2. Now that the commits are ready, add them to main by rebasing them. This is different from merging, like you did with Gianna’s branch: in this case, you should make no new merge commits.
  6. Uh oh! You just noticed that Dr. Garbarini’s branch included a commit that removed several lines from Makefile. You ask him why and learn that it was an accident—he always creates his commits using git commit -a, and so he didn’t notice that he’d inadvertently deleted some code. Since you’ve already pushed his changes to the public, it’s too late to amend them. Create a new commit on main that restores Makefile back to how it was before Dr. Garbarini’s change. Tell us how you did so. Mention the hash of the commit (on main) that removed the lines in your commit message.
  7. Alessia is a disgruntled user of your open source project. She opened an issue maligning the project and its esteemed maintainers. Write an appropriately cool and collected response before the discussion gets too spicy, and put that response in answers.txt. Make sure to treat Alessia firmly but with respect.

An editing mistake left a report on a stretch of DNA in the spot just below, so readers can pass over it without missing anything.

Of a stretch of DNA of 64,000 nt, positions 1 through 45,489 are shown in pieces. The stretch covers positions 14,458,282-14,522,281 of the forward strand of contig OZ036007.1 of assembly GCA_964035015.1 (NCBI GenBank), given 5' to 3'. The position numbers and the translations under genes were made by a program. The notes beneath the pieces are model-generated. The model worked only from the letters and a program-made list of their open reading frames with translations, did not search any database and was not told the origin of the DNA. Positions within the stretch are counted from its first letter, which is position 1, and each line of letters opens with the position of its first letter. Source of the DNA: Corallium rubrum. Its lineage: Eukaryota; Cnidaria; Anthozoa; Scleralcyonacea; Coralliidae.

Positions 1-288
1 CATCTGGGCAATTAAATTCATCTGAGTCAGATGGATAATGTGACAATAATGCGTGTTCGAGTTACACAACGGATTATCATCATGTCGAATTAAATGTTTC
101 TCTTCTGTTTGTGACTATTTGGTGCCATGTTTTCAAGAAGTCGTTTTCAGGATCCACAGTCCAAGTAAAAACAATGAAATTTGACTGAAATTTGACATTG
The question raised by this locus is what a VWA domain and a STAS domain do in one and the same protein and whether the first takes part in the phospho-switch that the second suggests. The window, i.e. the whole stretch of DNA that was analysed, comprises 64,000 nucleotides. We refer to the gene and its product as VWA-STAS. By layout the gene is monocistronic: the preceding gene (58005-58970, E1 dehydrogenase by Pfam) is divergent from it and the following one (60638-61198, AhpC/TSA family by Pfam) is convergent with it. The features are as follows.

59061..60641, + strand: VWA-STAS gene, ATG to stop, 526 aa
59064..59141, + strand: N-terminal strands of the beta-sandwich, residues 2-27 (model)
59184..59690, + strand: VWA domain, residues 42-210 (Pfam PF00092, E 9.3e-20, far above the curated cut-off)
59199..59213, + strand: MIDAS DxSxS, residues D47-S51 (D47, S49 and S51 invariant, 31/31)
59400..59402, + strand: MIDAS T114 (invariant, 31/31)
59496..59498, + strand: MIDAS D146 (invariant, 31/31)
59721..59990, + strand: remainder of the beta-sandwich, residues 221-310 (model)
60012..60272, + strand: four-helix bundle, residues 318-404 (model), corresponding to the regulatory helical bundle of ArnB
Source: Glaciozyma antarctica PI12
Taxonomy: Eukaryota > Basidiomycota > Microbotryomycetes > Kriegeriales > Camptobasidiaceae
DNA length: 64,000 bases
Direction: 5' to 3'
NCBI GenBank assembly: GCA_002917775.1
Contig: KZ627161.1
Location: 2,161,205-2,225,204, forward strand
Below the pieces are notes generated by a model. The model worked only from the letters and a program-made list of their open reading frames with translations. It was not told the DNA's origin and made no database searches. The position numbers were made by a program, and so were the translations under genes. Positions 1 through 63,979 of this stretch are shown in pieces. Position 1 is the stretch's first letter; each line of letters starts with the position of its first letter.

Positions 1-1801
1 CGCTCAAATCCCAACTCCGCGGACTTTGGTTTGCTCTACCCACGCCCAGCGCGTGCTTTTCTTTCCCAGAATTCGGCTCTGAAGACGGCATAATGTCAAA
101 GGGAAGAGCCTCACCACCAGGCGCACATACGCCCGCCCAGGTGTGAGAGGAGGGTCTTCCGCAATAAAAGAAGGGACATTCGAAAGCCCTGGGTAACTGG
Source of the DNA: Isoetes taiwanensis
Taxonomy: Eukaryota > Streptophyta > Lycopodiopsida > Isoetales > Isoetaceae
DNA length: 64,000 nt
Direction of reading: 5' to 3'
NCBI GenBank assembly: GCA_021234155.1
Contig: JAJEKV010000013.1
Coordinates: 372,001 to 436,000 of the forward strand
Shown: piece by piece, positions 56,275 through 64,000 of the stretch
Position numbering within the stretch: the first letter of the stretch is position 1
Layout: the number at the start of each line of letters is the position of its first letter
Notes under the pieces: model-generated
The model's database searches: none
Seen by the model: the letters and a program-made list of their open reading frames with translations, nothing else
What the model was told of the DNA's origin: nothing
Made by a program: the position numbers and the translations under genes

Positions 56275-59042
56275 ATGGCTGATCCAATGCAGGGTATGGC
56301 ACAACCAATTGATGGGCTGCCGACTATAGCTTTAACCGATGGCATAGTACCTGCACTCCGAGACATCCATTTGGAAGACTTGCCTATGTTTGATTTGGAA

We have some recommended reading about open source maintainership. There is not one definitive experience or truth about the role. You should read about it and come to your own conclusions about conduct.

Submitting your work

To submit, first join our GitHub Classroom instance. You will need a GitHub account to do this. Once you’ve joined, you should be able to find yourself on the class roster, after which you will see a repository belonging to you for the “vcs-constructive” assignment. Add this repository as a remote to the local repository where you’ve been working, then push your main and answers branches to that remote. If you do this correctly, you’ll see both branches shown in GitHub’s web UI.

Notes on being an open source maintainer

The basic idea is: software is made by people. Be kind to them. Build an inclusive community.

Adding a code of conduct to your project is a step in the right direction. Pick one you like. It will codify the way you would like contributors to interact. In some circumstances, you may have to “tap the sign” and remind people to be respectful.

You may get angry issues or pull requests sometimes. There are several approaches to handling this. We have included a non-exhaustive list below: